By Winters, Michael Sean
National Catholic Reporter , Vol. 48, No. 19
In April, the bishops' Ad Hoc Committee on Religious Liberty released the document "Our First, Most Cherished Liberty," which calls attention to a host of recent threats to religious freedom. One of the items mentioned was a 2009 effort in Connecticut to rewrite the laws by which Catholic churches are incorporated under state law. The bishops, and all Catholics, are well-advised to examine the kerfuffle in Connecticut in 2009, but not necessarily for the reasons Baltimore Archbishop William Lori, head of the ad hoc committee and, in 2009, bishop of Bridgeport, Conn., suggests.
In 2009, two state legislators announced their intention to re-examine the incorporation laws for churches in the state of Connecticut. "For reasons that are unclear," Connecticut has "laws on the books singling out particular religions and treating them differently from other religions in our statutes," State Sen. Andrew McDonald and State Rep. Michael Lawlor said at the time. "That doesn't seem right. In fact, many of our existing corporate laws dealing with religious groups appear to us to be unconstitutional under the rights guaranteed by the First Amendment of the U.S. Constitution."
McDonald, who has since left the legislature, also indicated that he was responding to concerns raised by constituents in his district: Parish priests in Stamford and Greenwich, both in Lori's diocese, had absconded with hundreds of thousands of dollars from church coffers and parishioners wanted to know what could be done about it.
Lori tends not to mention that complicating factor when narrating the 2009 events.
McDonald and Lawlor drafted a proposal that would more closely approximate Connecticut incorporation statutes from the 19th century, statutes that provided for significant lay oversight of church finances. McDonald and Lawlor conceded that their proposal was likely unconstitutional, but they argued that any special treatment of different religious organizations was likely unconstitutional.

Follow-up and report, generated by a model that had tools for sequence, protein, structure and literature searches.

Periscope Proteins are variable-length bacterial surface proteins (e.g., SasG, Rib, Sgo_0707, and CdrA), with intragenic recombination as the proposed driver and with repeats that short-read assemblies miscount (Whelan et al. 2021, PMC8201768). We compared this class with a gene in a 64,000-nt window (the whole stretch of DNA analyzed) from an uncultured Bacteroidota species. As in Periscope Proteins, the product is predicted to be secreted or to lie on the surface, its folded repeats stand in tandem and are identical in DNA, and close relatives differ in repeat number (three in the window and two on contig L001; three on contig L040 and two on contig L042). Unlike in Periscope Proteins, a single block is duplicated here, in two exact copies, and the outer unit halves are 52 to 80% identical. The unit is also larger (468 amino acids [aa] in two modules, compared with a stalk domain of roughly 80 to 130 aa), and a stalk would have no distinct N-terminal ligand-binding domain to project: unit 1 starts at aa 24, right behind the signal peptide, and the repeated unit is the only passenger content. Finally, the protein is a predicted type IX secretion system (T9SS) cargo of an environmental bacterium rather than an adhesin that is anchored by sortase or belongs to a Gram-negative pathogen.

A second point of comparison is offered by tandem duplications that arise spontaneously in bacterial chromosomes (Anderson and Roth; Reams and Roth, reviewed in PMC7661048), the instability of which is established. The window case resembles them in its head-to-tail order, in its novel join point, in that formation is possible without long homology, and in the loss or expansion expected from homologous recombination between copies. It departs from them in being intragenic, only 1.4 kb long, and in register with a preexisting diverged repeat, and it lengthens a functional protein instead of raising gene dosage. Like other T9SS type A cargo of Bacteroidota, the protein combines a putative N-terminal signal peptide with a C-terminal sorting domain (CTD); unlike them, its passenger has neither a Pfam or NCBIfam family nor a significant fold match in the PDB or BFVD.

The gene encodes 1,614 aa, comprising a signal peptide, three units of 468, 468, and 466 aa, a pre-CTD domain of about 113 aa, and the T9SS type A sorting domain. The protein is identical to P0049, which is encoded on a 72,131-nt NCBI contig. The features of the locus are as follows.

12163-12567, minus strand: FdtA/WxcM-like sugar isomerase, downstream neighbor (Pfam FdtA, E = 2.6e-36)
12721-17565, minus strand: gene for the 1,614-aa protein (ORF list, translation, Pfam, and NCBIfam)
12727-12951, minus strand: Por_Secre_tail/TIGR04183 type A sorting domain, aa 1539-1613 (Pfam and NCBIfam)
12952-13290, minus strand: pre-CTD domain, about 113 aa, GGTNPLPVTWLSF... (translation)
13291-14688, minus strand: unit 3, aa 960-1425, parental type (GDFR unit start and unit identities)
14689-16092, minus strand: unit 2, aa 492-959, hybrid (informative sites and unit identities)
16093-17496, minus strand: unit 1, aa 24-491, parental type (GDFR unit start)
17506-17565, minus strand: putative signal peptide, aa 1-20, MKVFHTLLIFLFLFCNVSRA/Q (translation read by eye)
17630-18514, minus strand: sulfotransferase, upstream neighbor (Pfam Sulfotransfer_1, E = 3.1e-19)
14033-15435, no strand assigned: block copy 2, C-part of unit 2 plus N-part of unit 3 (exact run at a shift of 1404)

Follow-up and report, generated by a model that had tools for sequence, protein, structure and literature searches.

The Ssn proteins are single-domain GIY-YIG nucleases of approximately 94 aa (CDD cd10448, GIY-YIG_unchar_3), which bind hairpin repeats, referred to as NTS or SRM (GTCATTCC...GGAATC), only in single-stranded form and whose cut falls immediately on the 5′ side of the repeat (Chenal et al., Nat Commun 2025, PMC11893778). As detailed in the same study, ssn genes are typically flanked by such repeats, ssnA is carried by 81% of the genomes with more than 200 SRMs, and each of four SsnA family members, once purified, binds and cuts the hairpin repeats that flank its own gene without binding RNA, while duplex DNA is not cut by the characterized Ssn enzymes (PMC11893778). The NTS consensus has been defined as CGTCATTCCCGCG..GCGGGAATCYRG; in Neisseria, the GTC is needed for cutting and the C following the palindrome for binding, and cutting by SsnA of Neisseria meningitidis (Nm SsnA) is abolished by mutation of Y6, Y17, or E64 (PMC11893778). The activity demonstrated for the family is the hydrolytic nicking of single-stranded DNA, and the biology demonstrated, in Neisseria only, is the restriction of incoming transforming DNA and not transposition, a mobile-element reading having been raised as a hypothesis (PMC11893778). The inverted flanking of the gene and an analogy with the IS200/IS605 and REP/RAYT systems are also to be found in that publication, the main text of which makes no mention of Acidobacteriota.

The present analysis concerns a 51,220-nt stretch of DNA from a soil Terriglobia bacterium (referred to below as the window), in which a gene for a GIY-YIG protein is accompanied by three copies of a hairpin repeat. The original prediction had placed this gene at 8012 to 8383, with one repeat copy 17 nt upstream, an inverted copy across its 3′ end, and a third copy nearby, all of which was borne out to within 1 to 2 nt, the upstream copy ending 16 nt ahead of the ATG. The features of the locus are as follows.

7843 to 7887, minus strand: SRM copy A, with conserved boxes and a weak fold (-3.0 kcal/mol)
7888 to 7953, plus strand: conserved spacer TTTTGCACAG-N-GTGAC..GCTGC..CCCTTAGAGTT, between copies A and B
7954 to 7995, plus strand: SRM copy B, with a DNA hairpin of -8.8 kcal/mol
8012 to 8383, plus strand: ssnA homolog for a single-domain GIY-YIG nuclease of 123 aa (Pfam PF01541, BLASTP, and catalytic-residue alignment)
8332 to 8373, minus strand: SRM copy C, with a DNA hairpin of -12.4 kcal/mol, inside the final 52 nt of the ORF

There was widespread sentiment in the legislature that the proposals would not go anywhere; State Sen. Andrew Maynard, who disagreed with the proposal, told NCR, "If you want to give your money to an organization with no meaningful oversight, that's your business, and you can't expect the legislature to save you." Still, a hearing was scheduled before the Senate Judiciary Committee.
The Connecticut Catholic Conference, with Lori in the lead, organized one of the largest protests in the history of the state. The state capitol building 1 was "flooded" with people, Maynard said. He received hundreds of emails and phone calls. The activism "left a bad taste in our mouths," Maynard recalled.
In six years in the legislature, Maynard said, the Connecticut Catholic Conference has never personally lobbied him on any social justice issue. "They send letters" about helping the poor, he said. "It would be nice if the Catholic Conference showed up at the Appropriations Committee where we are trying to do what we were taught is the work of the Gospels."
The proposed rewrite of the incorporation statues never had a hearing and, in fact, the Catholic rally on the capital steps occurred after the legislation was withdrawn.
There are two narratives about the 2009 struggle and they are not mutually exclusive. "It was frivolous," said Paul Lakeland of Jesuit-run Fairfield University in Fairfield, Conn. "I don't think [McDonald] ever thought it would go anywhere."
But it was also payback. The Catholic church had been prominent in the effort to defeat same-sex marriage in the state legislature and McDonald is openly gay. "The bishops had played so dirty in the same-sex marriage debate," Lakeland said. One legislator told NCR the debate had become "highly personal" between Lori and McDonald. In his public statements about the incorporation rewrite, Lori consistently mentioned McDonald and Lawlor by name and both men received death threats. …